1. Click here to enter the drawing for your chance to win an Ontario Knives Spec Plus SP8 Machete Survival Knife & Ka-Bar Dozier Folding Hunter, , Bladeforums.com swag or memberships!

    Be sure to read the rules before entering, then help us decide next week's giveaway by hitting the poll in that thread! Entries close at midnight, Saturday Sept 7!

    Once the entries close, we'll live stream the drawing on Sunday, Sept 8 at 5PM Eastern. Tune in to our YouTube channel TheRealBladeForums for a chance to win bonus prizes!

    Questions? Comments? Post in the discussion thread here

CPM m4 vs CPM cruwear

Discussion in 'General Knife Discussion' started by Gradyw, Aug 31, 2017.

  1. Gradyw


    Jan 23, 2017
    trying to find out as much as I can about these two steels. So far I understand m4 wins in edge holding and cruwear for toughness but would like to compare the two a little more and learn about these two. I think they would both make a perfect knife with a blade around 4 inches but just trying to figure out if these steels are as good as I've heard or if it's all hype.
  2. Wowbagger

    Wowbagger Basic Member Basic Member

    Sep 20, 2015
    I'm not going to be very helpful. I can vouch for M4 (one of my top two or three alloys); not the best in the wet but you probably know that. I have no cruwear.
    Here's a link you may not know about :

    Look at the larger list bellow the first list; it is more up to date and scientific.
    Begining with : "Same method as above, but with a coarse edge, 400 grit".
  3. Vicarious Reality

    Vicarious Reality

    Apr 9, 2008
    That cruwear steel seems like to be in between M4 and 3V
  4. Cereal_killer


    Apr 4, 2013
    I LOVE M4, I have 3 folders in it (GB and a Military) but no fixed blades, I just don't think it's a good choice for a fixed EDC user.

    Competition knife sure, but not an EDC, it's just not tough enough in real life hard use. You could make it tough enough but by that time you'd be running it so far below it's max hardness what's the point of having it anymore?! If you want uncompromising fixed blade toughness AND wear resistance you want 3v or (this might come as a shocker) some good old A2.

    Need to clean cut hanging 1" manilla rope? M4!
    Need to slice and dice a line of 15 water bottles?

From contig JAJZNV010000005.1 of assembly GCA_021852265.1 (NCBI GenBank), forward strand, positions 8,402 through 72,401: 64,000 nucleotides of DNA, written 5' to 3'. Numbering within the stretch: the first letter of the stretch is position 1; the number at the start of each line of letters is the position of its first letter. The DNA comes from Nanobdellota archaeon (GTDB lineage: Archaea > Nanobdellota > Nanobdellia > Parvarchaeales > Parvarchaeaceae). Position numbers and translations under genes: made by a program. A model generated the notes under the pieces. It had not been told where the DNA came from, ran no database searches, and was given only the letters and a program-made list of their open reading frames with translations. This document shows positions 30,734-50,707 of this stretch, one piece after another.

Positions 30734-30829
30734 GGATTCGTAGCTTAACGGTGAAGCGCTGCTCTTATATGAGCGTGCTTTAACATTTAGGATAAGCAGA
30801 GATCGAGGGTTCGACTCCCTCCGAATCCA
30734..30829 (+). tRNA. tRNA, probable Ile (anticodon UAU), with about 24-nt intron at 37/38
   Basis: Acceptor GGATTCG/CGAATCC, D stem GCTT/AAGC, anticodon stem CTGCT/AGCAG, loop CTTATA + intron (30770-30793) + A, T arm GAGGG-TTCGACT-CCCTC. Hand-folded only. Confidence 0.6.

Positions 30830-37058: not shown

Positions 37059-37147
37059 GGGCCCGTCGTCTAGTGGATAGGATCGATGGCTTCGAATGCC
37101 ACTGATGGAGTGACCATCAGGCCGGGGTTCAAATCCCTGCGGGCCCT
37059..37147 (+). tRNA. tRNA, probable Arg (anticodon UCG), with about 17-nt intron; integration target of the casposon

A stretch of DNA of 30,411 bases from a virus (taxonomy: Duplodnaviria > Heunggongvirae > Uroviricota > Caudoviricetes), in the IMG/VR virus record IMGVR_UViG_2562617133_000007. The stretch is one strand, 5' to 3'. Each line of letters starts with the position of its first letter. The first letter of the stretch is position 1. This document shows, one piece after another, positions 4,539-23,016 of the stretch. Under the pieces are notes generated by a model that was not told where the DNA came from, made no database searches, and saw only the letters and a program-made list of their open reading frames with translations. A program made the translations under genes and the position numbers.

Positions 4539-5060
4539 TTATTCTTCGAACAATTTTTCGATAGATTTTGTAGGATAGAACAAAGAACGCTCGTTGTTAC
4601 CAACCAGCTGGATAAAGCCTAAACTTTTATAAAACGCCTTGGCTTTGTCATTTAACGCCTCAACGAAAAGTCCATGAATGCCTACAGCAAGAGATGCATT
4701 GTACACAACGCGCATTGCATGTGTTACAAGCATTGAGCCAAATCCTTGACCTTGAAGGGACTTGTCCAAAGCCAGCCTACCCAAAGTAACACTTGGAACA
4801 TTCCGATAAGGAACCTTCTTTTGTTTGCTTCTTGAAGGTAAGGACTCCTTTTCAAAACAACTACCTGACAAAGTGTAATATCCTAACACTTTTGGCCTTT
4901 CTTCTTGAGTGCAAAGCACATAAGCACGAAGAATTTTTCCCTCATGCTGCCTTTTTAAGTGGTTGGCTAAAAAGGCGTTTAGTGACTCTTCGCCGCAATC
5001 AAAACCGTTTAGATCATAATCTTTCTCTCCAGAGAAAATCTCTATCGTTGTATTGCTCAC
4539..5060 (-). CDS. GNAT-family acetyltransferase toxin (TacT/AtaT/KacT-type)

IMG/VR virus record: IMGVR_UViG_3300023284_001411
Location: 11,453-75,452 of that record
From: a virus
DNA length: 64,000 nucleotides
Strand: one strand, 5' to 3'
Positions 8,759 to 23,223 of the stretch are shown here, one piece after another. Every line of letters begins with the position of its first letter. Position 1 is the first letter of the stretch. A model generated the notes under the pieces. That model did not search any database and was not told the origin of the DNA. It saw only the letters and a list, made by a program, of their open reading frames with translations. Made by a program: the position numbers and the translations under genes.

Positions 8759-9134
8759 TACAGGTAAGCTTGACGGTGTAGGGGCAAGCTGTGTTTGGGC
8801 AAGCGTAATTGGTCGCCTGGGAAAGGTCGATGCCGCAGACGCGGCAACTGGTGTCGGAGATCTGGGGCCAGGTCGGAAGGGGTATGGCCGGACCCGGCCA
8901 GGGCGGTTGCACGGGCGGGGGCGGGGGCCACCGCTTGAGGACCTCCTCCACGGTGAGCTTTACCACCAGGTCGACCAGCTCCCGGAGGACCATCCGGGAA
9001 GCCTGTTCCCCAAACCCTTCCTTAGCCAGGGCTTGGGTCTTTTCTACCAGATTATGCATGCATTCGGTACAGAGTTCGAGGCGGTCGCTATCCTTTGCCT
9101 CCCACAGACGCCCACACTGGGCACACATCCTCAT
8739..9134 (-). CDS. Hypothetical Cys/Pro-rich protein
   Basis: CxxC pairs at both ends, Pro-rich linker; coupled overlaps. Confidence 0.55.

Every day yard or work tasks?
    Not M4...
  5. bikerector

    bikerector Gold Member Gold Member

    Nov 16, 2016
    I believe cruwear is like an improved D2 looking at the CPM data sheets. It is also an air-hardening steel so it seems fairly similar.


    I don't know what m4 compares to, necessarily, as a reference point as it's suposed to be very wear resistant and take a very keen edge and keep it for a long time. It's low corrosion resistant and not as tough as something like 3V but I don't have first hand experience with it but I should have a bush/camp knife in it soon as it's almost finished at the maker's. M4 seems to be all about getting a nice edge and keeping it but it can be hard to get it.

    Based on my experiences with D2, cruwear should be more rust resistant than M4 and M4 should be a little tougher in impact resistance. This of course depends on heat treat as either can be heat treated a little softer to improve it's toughness. In use, I imagine the ability to get a find edge on M4 vs the toothy edge cruwear favors (assuming it's like D2 here) and rust resistance are what will be most notable I think.
  6. bdmicarta


    Feb 16, 2012
    I think that depends on what the hard use entails. I have a Spyderco Manix 2 with M4 that I use for a work knife on weekends. I cut boxes and carve on 2x4s when I'm doing carpentry work around the house and it has no problem with that. But I've carried it in my pocket in the summer when doing yardwork and getting sweaty and it doesn't like that very much, it wants to rust too easily.

    I think M4 is tougher than just about all stainless steels and plenty of fixed blade knives are made in stainless steel, even knives intended for "survival" use.

    For really, really hard use I would agree that 3V, A2, O1, even Cruwear would be better. But I don't know how to easily define hard use. Competition knives do a lot of hard chopping through 2x4s and wood dowels, but no crazy lateral chopping or prying or batonning. For use around manmade stuff I have plenty of faith in M4. If I was going to try to tackle a forest I would use... a hatchet or axe or saw.
    Cereal_killer likes this.
  7. bearfacedkiller


    Jan 23, 2014
    I have used both a bunch. I will share my impression through use. I have multiples of each from Spyderco.

    M4 is more wear resistant and holds an edge longer and takes a little longer to sharpen.

    Cruwear is dream to sharpen and in my estimation has edge retention on par with S30V.

    Cruwear is not supposed to be stainless but it almost seems it in my uses. M4 is definitely not stainless and needs a bit more care than Cruwear.

    They are both supposed to be tough steels and I have had no issues with either one chipping.

    I hope this helped. :)
  8. Gradyw


    Jan 23, 2017
    Yea all those comments helped and opened up more questions haha. I didn't know m4 would rust so easy I thought it would belle cruwear but that's good to know. I read someone wrote that cruwear was suppose to be on par with S30v.... I thought cruwear would of been way better from the things I have found but I guess everyone has a little different results.
  9. McFeeli


    Feb 13, 2017
    I think CruWear can hold a much thinner(and cleaner) edge without sacrificing edge stability as opposed to S30V. One thing I noticed is how many people think S30V's a sort of low grade steel. While it does have faults in some areas, edge retention isn't one of them.
  10. bearfacedkiller


    Jan 23, 2014